A Real Green New Deal? A Look at the Past for Today’s Energy Policy Solution

COMMENTARY

The beginning of April marked the “unofficial” death by Senate vote of the controversial Green New Deal resolution. Despite years of escalating natural disasters and dozens of reports examining the science and economic cost of climate change, the framework now languishes as a result of political backlash and its outsize ambition to remake the American economy. But dismissing the issue, and this opportunity, is unnecessary and dangerous.

While the hype and media surrounding the Green New Deal begins to fade, the need for policy to build more resilient infrastructure and deploy innovative energy technology to address our growing challenges will not. In 2018 alone, the most devastating wildfires in history burned California towns to the ground, and hurricanes ravaged military bases in Florida and North Carolina; meanwhile, our global competitors acquired U.S.-developed and funded technologies to support their own initiatives. For example, Saudi Arabia’s efforts to diversify its economy and reduce its dependence on oil has led to the creation of a $500 billion technology-driven city called Neom, which is slowly being outfitted with technologies from American companies, developed with American government assistance.

What do all of these seemingly disconnected developments have in common? They should be addressed with policy that resembles a Roosevelt-era New Deal or a climate-focused infrastructure initiative. This will not only reduce the nation’s spending in the wake of natural disasters, which was nearly $150 billion in 2018, and take a significant step to address climate change, but will also ensure that the U.S. remains the leader in global energy and innovation.  Yet low-cost policy solutions that provide a vehicle for the U.S. to commercialize its innovative energy technology and address natural disasters may get lost, yet again, in the wake of the hype surrounding the Green New Deal.

While not acceptable, this is somewhat understandable, given the enduring political divide surrounding energy policy and the often-ludicrous cost estimates associated with transitioning to a clean energy economy. However, it’sclear that our global competitors are focusing their efforts on energy infrastructure and addressing climate change, not reactively addressing natural disasters or focusing on early-stage research and development like we’re doing here.

This shouldn’t be a partisan issue. This is purely about American innovation, leadership, and diversified energy dominance—objectives on which both parties agree.

Generally speaking, free market conservatives insist the market should adopt new technology and the government should not facilitate market investment. I agree. But does this argument really apply here? We no longer have the luxury of waiting for technologies developed with government assistance, like hydraulic fracturing, to sit on the shelf until the domestic market is ready to integrate it. In this age of global technology espionage and near-constant natural disasters, the energy technology of America’s future that we need to increase the resiliency of our grid and military installations may only be available to us at the profit and mercy of our competitors if we don’t act. This is energy dominance, but not by the U.S.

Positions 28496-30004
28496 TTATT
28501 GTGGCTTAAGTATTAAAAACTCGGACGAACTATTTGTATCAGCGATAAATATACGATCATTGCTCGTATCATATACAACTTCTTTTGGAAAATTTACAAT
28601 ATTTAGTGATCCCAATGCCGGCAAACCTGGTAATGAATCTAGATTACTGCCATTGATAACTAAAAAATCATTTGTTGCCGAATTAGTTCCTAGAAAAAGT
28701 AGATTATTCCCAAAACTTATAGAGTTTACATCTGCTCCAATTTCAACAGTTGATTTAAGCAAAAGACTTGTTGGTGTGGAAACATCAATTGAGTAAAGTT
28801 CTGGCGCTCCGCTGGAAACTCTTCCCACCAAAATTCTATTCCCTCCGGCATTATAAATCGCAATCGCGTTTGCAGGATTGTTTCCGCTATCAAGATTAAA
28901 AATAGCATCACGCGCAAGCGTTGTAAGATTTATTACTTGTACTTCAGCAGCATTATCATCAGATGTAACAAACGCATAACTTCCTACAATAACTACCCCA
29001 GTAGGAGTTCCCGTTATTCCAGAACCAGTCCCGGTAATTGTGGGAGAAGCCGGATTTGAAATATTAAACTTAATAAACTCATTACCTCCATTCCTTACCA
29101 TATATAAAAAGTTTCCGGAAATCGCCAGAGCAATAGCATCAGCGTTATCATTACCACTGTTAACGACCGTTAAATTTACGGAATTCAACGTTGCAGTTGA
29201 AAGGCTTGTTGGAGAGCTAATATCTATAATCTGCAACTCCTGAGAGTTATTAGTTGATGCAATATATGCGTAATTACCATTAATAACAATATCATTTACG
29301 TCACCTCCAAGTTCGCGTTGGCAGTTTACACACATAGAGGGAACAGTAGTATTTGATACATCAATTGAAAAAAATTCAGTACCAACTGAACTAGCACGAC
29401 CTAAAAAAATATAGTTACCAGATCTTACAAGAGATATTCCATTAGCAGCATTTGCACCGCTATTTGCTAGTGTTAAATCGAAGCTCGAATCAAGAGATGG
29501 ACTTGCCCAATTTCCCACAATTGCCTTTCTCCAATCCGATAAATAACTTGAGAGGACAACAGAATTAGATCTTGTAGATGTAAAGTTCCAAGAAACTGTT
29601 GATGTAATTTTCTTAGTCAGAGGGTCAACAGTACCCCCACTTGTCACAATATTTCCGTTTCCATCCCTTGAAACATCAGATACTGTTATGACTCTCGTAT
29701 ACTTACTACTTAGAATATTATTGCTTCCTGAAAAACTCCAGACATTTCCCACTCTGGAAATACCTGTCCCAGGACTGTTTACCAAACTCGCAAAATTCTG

Do we really want other countries to beat us at the industries we helped create, with our own technology? The answer is clearly no, but passing affordable policy to address this issue is really challenging.

There is risk, there is cost, and then, after all that, there is the politics. Innovators and entrepreneurs are left stifled and frustrated, while policymakers too often point out “how the strong man stumbles, or where the doer of deeds could have done them better,” to quote Teddy Roosevelt.

But this doesn’t have to be the case. As we all know, America has been in similar positions before, and we persevere and ultimately prevail. This was clearly the case at the time of the original New Deal.

What is often forgotten is that the New Deal wasn’t paid for by appropriated government dollars, but by leveraging the government’s balance sheet and developing insurance products that incentivized private lending through the Reconstruction Finance Corporation (RFC), an independent agency within the federal government that set up lending systems to facilitate private investment in publicly-driven projects. The RFC’s subsidiaries later included the Federal Housing Administration (FHA) and Rural Electrification Administration (REA), among others, which ultimately made money for the federal government.

Similar policy options are available to help solve today’s issues. For example, we have $43 billionin Department of Energy (DOE) loan guarantee authority available today through a program that will cost taxpayers approximately $20 millionin fiscal year 2020 to maintain. However, the program has made few transactions in recent years due to political obstacles that could easily be overcome through modest changes to policy.

We need more sustainable, low-cost financing solutions, not fewer. While we wait for comprehensive climate and infrastructure policy, we need the DOE Loan Programs Office to continue to advance current applications and improve the existing program wherever possible. And we need it now.

This is not a partisan solution. This is appropriately leveraging the U.S. government’s balance sheet in a risk-averse manner to overcome market barriers and maintain global leadership and energy dominance. These are bipartisan goals that all Americans can still support.

Taite McDonaldis a partner in Holland & Knight’s Public Policy & Regulation Group and leader of the firm’s Government Energy Finance Group in Washington, D.C.